Published: 30 June 2017

New approaches to pattern discovery in signals via empirical mode decomposition

Dmitry Klionskiy1
Mikhail Kupriyanov2
Dmitry Kaplun3
Alexander Voznesenskiy4
1, 2, 3, 4Saint Petersburg Electrotechnical University “LETI”, Saint Petersburg, Russian Federation
Corresponding Author:
Dmitry Klionskiy
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Empirical mode decomposition (EMD) is an adaptive, data-driven technique for processing and analyzing various types of non-stationary vibrational signals. EMD is a powerful and effective tool for signal preprocessing (denoising, detrending, regularity estimation) and time-frequency analysis. This paper discusses pattern discovery in signals via EMD. New approaches to this problem are introduced. In addition, the methods expounded here may be considered as a way of denoising and coping with the redundancy problem of EMD. A general classification of intrinsic mode functions (IMFs) in accordance with their physical interpretation is offered and an attempt is made to perform classification on the basis of the regression theory, special classification statistics and a clustering algorithm. The main advantage of the suggested techniques is their capability of working automatically. Simulation studies have been undertaken on multiharmonic vibrational signals.

1. Introduction

Empirical mode decomposition (EMD) [1] is a technique specially developed for analyzing various kinds of non-stationary signals. Its uniqueness, power and effectiveness have already been demonstrated by its successful applications to many important problems encountered in processing biomedical, financial, geographical, acoustic, vibrational, hydroacoustic and other types of signals. The chief advantage of EMD is its adaptivity. In other words, the decomposition is performed in accordance with the local features (extrema, zero-crossings, inflection points) and internal structure (various kinds of modulation, presence of noise, etc.) of a signal. EMD has already been demonstrated to be very efficient for such ubiquitous tasks as denoising, detrending, time-frequency analysis, multiresolution and multiband analysis. Due to their high adaptivity all EMD-based methods can provide better results than their multiple existing alternatives (wavelet analysis, singular value decomposition). Aside from the advantages outlined above, this crucial property (adaptivity) allows one to interpret components, extracted as a result of EMD, in terms of different knowledge domains.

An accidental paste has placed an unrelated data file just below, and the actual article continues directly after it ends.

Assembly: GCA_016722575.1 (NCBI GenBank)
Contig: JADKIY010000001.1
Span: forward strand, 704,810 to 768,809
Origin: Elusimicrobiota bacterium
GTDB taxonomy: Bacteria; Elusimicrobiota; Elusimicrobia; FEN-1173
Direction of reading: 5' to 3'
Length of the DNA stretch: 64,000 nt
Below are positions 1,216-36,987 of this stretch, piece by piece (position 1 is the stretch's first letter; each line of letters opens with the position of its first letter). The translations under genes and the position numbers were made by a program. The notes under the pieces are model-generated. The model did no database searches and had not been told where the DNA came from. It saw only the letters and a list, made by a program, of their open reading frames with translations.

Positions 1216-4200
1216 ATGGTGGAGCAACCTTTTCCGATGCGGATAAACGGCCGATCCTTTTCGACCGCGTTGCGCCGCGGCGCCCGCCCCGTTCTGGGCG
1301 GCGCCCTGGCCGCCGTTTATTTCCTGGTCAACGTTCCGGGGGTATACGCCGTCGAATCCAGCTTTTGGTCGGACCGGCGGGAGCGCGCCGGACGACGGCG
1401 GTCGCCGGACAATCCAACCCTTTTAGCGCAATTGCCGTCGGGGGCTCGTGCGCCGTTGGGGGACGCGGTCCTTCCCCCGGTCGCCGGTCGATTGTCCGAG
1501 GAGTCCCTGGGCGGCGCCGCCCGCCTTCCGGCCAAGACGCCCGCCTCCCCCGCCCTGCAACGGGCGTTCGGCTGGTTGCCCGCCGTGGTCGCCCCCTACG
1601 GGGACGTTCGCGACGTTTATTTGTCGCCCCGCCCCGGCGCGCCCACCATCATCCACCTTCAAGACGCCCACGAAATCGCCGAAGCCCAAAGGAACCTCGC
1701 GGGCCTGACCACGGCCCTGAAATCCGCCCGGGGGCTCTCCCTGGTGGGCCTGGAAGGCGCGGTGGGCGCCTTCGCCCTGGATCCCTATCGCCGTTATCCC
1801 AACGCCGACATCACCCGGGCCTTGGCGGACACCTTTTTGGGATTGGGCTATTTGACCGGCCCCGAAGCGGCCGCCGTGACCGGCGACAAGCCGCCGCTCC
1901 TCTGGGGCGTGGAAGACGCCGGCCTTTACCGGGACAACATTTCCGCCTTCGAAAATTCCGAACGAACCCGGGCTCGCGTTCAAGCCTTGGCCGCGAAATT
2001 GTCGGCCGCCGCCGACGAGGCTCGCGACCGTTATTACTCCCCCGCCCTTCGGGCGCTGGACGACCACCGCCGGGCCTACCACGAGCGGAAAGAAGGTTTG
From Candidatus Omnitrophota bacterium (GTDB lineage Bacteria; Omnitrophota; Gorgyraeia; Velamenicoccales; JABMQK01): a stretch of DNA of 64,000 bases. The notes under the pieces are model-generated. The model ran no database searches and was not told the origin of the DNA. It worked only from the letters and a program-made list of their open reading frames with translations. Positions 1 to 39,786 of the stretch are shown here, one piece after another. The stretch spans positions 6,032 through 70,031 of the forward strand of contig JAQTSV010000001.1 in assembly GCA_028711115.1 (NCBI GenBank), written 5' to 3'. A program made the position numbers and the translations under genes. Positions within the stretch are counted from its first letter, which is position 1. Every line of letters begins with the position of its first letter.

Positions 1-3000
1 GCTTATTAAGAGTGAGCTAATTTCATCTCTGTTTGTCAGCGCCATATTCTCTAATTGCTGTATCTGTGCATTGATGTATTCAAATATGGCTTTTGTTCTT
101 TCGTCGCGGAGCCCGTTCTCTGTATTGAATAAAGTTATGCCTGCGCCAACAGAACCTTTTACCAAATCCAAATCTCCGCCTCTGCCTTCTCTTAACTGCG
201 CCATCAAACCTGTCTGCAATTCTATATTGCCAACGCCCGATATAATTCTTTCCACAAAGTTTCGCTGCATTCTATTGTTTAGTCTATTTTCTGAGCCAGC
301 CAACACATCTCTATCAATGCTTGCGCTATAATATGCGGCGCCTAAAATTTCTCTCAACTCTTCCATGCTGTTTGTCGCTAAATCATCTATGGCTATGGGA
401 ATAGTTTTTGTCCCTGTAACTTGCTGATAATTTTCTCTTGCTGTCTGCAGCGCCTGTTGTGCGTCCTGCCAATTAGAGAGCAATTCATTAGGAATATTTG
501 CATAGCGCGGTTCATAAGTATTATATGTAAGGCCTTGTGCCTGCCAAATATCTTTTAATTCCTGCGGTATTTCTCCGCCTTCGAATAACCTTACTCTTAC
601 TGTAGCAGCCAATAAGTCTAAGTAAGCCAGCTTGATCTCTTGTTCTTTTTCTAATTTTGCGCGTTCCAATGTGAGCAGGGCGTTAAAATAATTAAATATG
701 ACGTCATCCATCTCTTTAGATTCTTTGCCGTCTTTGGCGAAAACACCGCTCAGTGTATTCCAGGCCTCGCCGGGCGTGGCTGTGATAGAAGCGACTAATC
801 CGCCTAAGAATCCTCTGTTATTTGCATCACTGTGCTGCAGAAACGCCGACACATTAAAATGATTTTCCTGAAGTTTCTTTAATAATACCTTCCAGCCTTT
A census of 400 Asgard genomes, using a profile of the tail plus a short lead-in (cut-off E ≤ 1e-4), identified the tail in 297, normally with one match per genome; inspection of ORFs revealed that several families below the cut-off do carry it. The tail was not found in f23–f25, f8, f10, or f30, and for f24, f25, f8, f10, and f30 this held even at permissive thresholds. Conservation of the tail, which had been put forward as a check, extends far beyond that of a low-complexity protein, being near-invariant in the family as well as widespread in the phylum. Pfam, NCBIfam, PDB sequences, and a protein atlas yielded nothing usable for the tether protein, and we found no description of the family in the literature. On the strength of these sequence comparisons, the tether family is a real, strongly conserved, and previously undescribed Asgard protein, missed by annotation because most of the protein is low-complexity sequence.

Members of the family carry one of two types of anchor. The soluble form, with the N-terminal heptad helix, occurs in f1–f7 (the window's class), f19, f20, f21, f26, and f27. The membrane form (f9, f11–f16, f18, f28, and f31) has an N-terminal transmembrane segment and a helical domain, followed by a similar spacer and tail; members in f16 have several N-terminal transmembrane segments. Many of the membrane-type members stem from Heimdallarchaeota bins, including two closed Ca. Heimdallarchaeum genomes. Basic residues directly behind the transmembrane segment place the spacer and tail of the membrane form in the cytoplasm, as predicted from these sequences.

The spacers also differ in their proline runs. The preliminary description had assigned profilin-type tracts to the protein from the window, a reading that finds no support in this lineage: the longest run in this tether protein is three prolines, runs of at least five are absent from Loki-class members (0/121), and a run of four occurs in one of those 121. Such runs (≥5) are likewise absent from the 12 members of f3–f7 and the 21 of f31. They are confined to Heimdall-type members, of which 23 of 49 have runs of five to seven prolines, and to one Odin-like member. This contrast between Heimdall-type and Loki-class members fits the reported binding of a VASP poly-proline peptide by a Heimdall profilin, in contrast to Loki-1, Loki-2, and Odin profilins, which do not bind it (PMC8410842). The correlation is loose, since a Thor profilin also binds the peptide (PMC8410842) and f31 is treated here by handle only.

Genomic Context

EMD represents an arbitrary signal with finite energy as a collection of IMFs and a final residual (either a constant or the mean trend). The main idea behind the whole decomposition procedure is that at each step a new IMF, which is a detailed component highlighting high-frequency effects, is extracted. Along with this IMF, a new residual, highlighting low-frequency effects, is formed, and subsequently used for extracting the remaining IMFs. Thus, an IMF is a fast oscillating component reproducing high-frequency details, whereas a current residual is a slowly oscillating one (in comparison with an IMF), responsible for low-frequency details. Provided that a current residual has at least one maximum and one minimum, decomposition proceeds. Otherwise, the IMF extraction is terminated and a final monotonous residual is formed. The two necessary conditions a function must satisfy in order to be counted as an IMF are as follows [1]:

1) The number of local extrema (maxima Nmax and minima Nmin) and the number of zero-crossings Nzero of the function must be the same or differ at most by one:


2) The local mean, defined as a half-sum of two envelopes, the first of which interpolates local maxima (upper envelope U(k)), and the second – local minima (lower envelope L(k)), must be equal to zero at any point:

0.5Uk+Lk=0, k=1,N¯,

where N is signal length. Possible existing ways of interpolation (including the original spline method used in this paper) are explored in [1].

The key role in EMD is played by the sifting process, which is iterative and directed at extracting an IMF satisfying the two necessary conditions. While sifting components, those which do not have properties Eq. (1) and Eq. (2) are not taken into account. The number of iterations for each IMF depends on the symmetry of a current residual and a specially designed stopping rule. When decomposition is finished, a signal may be reconstructed including all the components derived or sometimes deliberately excluding some of them from consideration (for example, if they are redundant). In general, the summation index in the reconstruction formula does not have to vary over all possible values of indices (from the first to the last) but belongs to the so-called index set I. This modification is intended to preserve those IMFs which represent typical patterns (to be discussed) of the observed signal.